Expert Commentary

In post-recession America, poverty rate stays high: Research roundup

2012 examination of Census Bureau figures on poverty and aggregation of related resources for interpreting poverty data and policy.

Empty pockets (iStock)

In 2010 and 2011, the rate of poverty in the United States stayed roughly constant at 15% — some 46.2 million people, according to Census Bureau figures issued in September 2012. This represents the greatest total number of people designated as poor since the government began the count more than a half-century ago.

The official poverty threshold for a family of four in 2011 was $23,021, a weekly paycheck of $443. However, scholars have long pointed out the shortcomings of the methods used for measuring poverty, and the U.S. government has begun to experiment with new, non-official models that show poverty is a deeper problem than is suggested by traditional counts.

For the official 2011 figures, the Census Bureau notes:

  • “In 2011, 6.2% of married-couple families, 31.2% of families with a female householder and 16.1% of families with a male householder lived in poverty.”
  • “The poverty rate for males decreased between 2010 and 2011, from 14% to 13.6%, while the poverty rate for females was 16.3%, not statistically different from the 2010 estimate.”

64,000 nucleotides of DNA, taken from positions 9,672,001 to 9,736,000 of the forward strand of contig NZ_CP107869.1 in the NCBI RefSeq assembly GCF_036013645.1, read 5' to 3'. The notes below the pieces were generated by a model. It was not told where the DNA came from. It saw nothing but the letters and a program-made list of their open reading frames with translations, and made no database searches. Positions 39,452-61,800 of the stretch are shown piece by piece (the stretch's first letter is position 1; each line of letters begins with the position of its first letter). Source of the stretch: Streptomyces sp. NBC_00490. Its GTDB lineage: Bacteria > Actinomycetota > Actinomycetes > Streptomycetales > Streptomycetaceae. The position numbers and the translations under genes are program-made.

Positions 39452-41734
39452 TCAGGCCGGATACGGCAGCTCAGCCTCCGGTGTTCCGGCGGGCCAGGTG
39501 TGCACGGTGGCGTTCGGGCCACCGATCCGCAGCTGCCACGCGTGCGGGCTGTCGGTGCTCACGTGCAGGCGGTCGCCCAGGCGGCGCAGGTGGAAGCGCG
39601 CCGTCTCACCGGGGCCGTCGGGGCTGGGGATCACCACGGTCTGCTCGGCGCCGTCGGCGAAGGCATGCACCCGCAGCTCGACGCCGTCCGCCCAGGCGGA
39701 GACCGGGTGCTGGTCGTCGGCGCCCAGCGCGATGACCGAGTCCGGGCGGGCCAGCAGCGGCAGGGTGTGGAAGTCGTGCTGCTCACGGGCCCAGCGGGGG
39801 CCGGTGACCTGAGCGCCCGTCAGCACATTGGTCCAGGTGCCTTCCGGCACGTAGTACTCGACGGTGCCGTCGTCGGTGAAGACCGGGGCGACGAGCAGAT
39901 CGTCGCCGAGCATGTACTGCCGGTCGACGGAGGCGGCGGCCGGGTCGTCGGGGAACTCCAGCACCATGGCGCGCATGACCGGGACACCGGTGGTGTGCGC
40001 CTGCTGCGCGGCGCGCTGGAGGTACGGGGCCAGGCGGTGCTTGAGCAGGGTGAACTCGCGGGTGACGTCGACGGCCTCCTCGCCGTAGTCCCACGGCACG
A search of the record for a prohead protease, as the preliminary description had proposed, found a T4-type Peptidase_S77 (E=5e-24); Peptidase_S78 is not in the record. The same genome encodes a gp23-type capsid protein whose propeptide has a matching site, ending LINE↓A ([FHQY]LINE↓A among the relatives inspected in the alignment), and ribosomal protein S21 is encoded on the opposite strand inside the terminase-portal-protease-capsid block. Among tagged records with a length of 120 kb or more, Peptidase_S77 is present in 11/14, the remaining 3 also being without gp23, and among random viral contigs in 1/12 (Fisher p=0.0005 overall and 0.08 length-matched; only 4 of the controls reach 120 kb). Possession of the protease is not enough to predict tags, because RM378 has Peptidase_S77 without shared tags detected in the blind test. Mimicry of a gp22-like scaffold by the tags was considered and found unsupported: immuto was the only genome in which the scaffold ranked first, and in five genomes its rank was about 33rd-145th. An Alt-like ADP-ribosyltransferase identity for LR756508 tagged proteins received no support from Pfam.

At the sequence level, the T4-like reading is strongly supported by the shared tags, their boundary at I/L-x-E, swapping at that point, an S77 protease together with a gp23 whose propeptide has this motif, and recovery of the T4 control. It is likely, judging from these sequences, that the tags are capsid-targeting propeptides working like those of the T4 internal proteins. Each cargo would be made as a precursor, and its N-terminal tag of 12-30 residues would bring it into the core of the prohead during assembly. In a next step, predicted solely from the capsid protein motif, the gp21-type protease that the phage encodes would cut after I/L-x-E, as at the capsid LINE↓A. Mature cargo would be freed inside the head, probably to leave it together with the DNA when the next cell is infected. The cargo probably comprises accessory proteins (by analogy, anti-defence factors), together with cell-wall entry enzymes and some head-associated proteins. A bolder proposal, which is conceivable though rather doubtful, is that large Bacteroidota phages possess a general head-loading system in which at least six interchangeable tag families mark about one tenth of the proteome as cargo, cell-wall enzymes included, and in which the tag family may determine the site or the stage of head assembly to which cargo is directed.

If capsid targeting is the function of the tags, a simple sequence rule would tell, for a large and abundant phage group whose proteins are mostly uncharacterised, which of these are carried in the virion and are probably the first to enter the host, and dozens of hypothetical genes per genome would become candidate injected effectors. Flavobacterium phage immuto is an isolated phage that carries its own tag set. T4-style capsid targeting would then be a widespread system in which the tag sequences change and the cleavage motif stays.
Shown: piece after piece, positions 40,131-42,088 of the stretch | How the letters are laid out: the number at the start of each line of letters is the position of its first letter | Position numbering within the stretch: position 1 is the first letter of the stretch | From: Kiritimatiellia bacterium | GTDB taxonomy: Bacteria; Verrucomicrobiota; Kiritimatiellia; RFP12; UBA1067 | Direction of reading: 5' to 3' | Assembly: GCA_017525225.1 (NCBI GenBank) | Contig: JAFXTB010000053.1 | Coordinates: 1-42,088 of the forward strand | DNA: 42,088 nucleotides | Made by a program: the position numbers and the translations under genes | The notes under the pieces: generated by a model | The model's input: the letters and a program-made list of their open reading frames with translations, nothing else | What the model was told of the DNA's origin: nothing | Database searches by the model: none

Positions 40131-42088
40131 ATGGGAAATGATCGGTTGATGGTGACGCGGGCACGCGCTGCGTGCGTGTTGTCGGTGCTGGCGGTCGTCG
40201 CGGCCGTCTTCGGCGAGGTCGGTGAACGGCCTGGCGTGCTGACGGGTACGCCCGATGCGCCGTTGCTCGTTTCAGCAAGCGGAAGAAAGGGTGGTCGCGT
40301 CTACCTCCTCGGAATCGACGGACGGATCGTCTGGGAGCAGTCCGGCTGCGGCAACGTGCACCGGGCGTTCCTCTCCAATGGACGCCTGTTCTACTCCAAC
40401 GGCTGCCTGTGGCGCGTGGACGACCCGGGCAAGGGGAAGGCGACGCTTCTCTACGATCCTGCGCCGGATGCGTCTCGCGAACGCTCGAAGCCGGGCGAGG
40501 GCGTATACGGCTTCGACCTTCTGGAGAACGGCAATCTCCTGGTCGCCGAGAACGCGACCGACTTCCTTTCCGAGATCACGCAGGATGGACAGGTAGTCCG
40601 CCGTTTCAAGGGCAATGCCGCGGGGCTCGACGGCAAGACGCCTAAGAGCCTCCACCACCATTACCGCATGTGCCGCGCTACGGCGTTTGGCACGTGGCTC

• “In 2011, the family poverty rate and the number of families in poverty were 11.8% and 9.5 million, respectively, both not statistically different from the 2010 estimates.”

Though the total number of U.S. residents living in poverty is at a record high, the country has seen prior periods where the rate was at least as high. As illustrated by the graphic below — courtesy of a 2011 presentation by scholars at a National Academies of Science workshop — these periods typically coincide with economic recessions:


For a look at poverty dynamics specifically in an urban context, see this review of relevant studies and reports.

Below are several related reports and papers that can help journalists interpret general poverty figures and frame stories according to the latest data. A special thanks to the Russell Sage Foundation, which promotes research in this area:



“2012: A Consumer’s Guide to Interpreting Various U.S. Poverty Measures”
Johnson, David; Smeeding, Timothy. Institute for Research on Poverty, University of Wisconsin-Madison, May 2012.

Abstract: “Each year, the U.S. Census Bureau releases a number of public reports on the level of poverty in the previous year and trends in the level and composition of the poor from year to year. To make their annual assessment, Bureau analysts use the official poverty measure that was created around the time when President Lyndon Johnson launched the War on Poverty in 1964. The measure was devised to define and quantify poverty in America and thereby provide a yardstick for progress, or regress, and in that sense has served the nation well. However, since the measure’s inception, criticisms of it have abounded, as have suggestions for alternative approaches. While continuing to use the official measure, the Census Bureau also has pursued ancillary measures, most recently the Supplemental Poverty Measure, whose first results were released in November 2011. In addition, the Census Bureau and many state and local entities have devised their own, place-specific measures, in an attempt to better understand the level and trend of poverty in their region and to gauge the effectiveness of antipoverty efforts.”